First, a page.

I’ve had very limited knowledge of Mussoorie all my life. Most of it was drawn from movie clippings and the occasional tale of a newly November-wedded couple heading up there to play in the snow. But, the previous weekend, I had the opportunity of going up there and surveying the place with my own eyes, ears and whatever other senses that can be utilised to learn about a place. I must remark, the one thing that I have realised about Mussoorie is that it is for those that seek to take a break from the city, yet cannot get themselves to escape the need for everyday luxuries — like 24×7 electricity, water, a United Colors of Benetton showroom or the late evening Dominos pizza.

I set out from Delhi late at night on the Dehradun Express, which takes off from platform number 11 at the New Delhi Railway Station at 2350 hours. It takes about five-and-a-half to six hours to reach Dehradun. From Dehradun, you can get on a bus or a cab to reach Mussoorie. I had a pick-up arranged by the Mosaic Hotel, which is placed quite strategically at the very beginning of Mall Road in Mussoorie. “What is so strategic about it?” you might ask. Well, the police chowki through which one must pass, during the season when crowds race up there, charges over Rs 100 for the crossing and also remains closed from 10 p.m. to 7 a.m.

It was at the break of day that I found myself driving up the mountain; the sunlight had only started to illuminate the mountains. The drive was intimidating since at certain points I was sure that the car would just start rolling backwards given how steep the climb was. The drive did offer much in scenic value. Behind me lay the plains of Dehradun obscured by the thick smog — the pollution levels became too visible to be ignored — and ahead of me was the thick green cover of flora. If you catch a glimpse at the right curb of the mountain, you will behold the whole of Mussoorie, a sporadic spread of houses and buildings surrounded by nothing but green covers. And all of this was bathing in the light of the sun — it was truly appealing.

When I reached the hotel and finished with the morning rituals of getting fresh and eating my breakfast, I decided to take a walk along Mall Road. It was sometime around 9 a.m., the shutters on shops had only begun to rise and people had started to take to the streets. Students were all over the place with their books, discussing question papers. Along the Mall Road, as the day progressed, a wide variety of commodities and products became available. I saw Levi’s and Benetton showrooms along with Dominos and KFC restaurants. I must admit that if it were not for the panorama of the mountains, which formed the background of the region, I would have felt as though I was still in Delhi. I stumbled upon a groceries seller who had cucumbers which were the size of well-worked arms and potatoes half the size of my head. Upon my inquiry he told me, with vigour, that all of it was organic produce from the nearby regions.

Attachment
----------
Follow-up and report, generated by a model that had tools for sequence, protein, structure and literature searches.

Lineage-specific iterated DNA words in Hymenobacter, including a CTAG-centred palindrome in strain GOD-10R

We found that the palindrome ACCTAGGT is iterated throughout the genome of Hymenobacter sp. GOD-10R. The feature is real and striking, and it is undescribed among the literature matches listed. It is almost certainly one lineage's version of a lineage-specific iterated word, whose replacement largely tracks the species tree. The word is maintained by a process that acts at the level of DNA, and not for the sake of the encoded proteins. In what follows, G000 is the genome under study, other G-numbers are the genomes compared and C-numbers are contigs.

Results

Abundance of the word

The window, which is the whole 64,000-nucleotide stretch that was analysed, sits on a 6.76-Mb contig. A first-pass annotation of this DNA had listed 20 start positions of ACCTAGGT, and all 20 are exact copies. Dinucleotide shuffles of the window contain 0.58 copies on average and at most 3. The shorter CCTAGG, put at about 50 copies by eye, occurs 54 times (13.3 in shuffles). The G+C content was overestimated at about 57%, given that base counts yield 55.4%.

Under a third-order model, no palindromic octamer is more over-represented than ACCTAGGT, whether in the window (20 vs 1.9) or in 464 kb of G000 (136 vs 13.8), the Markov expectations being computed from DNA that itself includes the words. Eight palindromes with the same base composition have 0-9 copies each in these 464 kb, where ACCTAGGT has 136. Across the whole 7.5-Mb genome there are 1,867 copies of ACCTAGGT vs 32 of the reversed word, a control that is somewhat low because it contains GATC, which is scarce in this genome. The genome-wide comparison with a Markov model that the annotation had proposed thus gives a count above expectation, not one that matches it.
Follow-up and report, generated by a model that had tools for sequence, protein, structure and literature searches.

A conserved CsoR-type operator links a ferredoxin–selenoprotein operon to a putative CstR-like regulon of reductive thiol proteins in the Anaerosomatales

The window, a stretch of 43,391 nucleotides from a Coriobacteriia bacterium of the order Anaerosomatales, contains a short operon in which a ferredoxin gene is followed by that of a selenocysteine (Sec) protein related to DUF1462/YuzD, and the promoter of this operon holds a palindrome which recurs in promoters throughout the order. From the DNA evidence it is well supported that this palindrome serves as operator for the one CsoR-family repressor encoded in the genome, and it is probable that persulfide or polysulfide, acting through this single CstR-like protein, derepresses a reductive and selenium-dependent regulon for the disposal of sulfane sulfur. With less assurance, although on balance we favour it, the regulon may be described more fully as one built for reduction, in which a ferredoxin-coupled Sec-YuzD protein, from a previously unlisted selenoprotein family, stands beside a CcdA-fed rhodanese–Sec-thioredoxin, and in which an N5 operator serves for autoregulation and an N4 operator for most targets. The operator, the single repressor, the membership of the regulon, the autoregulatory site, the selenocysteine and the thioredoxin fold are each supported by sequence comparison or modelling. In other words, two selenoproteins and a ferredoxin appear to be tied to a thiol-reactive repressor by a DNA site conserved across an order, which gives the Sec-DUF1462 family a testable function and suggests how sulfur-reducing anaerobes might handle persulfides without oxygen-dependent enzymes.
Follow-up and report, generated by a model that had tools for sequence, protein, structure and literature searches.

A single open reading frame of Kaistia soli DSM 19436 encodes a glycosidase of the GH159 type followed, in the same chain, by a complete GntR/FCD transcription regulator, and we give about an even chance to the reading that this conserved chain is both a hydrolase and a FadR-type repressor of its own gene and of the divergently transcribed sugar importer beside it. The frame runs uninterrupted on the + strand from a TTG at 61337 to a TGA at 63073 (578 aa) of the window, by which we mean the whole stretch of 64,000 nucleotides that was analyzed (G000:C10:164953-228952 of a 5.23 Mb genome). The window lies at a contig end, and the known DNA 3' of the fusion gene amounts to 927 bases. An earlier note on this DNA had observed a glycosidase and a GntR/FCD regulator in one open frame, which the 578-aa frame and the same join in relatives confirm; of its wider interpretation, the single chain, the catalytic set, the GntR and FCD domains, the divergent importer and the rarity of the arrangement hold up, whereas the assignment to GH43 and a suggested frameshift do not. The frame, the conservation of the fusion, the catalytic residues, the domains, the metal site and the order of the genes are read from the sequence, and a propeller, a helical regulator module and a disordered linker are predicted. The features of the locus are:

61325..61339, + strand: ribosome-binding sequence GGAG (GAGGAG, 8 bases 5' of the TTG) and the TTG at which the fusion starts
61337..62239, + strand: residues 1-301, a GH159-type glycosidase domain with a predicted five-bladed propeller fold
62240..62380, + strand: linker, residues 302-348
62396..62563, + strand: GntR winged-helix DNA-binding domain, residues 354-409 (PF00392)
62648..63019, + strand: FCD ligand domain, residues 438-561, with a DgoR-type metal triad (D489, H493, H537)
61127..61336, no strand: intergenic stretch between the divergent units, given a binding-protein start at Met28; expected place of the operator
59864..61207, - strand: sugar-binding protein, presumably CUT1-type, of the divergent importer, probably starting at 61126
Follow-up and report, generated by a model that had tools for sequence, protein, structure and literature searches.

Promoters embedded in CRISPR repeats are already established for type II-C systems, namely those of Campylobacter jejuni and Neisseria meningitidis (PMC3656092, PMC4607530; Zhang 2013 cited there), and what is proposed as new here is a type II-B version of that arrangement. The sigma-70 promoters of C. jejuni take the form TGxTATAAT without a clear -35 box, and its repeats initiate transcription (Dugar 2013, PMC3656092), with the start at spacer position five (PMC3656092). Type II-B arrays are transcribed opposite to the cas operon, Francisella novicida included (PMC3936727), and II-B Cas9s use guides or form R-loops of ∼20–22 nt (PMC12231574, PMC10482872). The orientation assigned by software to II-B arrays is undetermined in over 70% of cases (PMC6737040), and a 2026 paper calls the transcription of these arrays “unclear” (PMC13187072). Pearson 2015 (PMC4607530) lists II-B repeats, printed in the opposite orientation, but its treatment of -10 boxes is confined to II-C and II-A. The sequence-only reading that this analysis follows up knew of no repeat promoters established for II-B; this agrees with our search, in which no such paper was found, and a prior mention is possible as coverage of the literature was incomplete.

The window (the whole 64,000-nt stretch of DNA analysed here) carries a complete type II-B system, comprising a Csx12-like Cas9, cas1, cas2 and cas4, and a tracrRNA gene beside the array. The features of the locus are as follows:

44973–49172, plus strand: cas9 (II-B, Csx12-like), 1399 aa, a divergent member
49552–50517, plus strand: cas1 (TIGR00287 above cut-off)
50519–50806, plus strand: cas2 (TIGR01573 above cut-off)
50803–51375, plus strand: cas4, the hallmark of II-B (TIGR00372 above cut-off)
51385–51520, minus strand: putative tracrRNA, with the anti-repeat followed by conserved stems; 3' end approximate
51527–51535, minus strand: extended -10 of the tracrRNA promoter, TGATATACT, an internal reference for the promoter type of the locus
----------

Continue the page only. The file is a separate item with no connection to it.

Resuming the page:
Along the length of Mall Road are also available small vendors who can cook you eggs in several ways and also offer Maggie with their own Mussoorie touch — which I believe involved some spices. During my walk I also discovered that numerous benches had been placed along the length of this road, right next to the railing past which lay nothing but a deep fall, for people to just sit and take in the view. And even further elaborate versions of these pit-stops are the Hawa Ghars, which, as I later learnt from my guide, were made for people to sit together in the evening to enjoy the view and for gupshup. The Mall Road also serves as a sort of open museum where along the side of the mountain are murals of horses, churches, dolphins made of tiles and the oldest rickshaws in glass enclosures.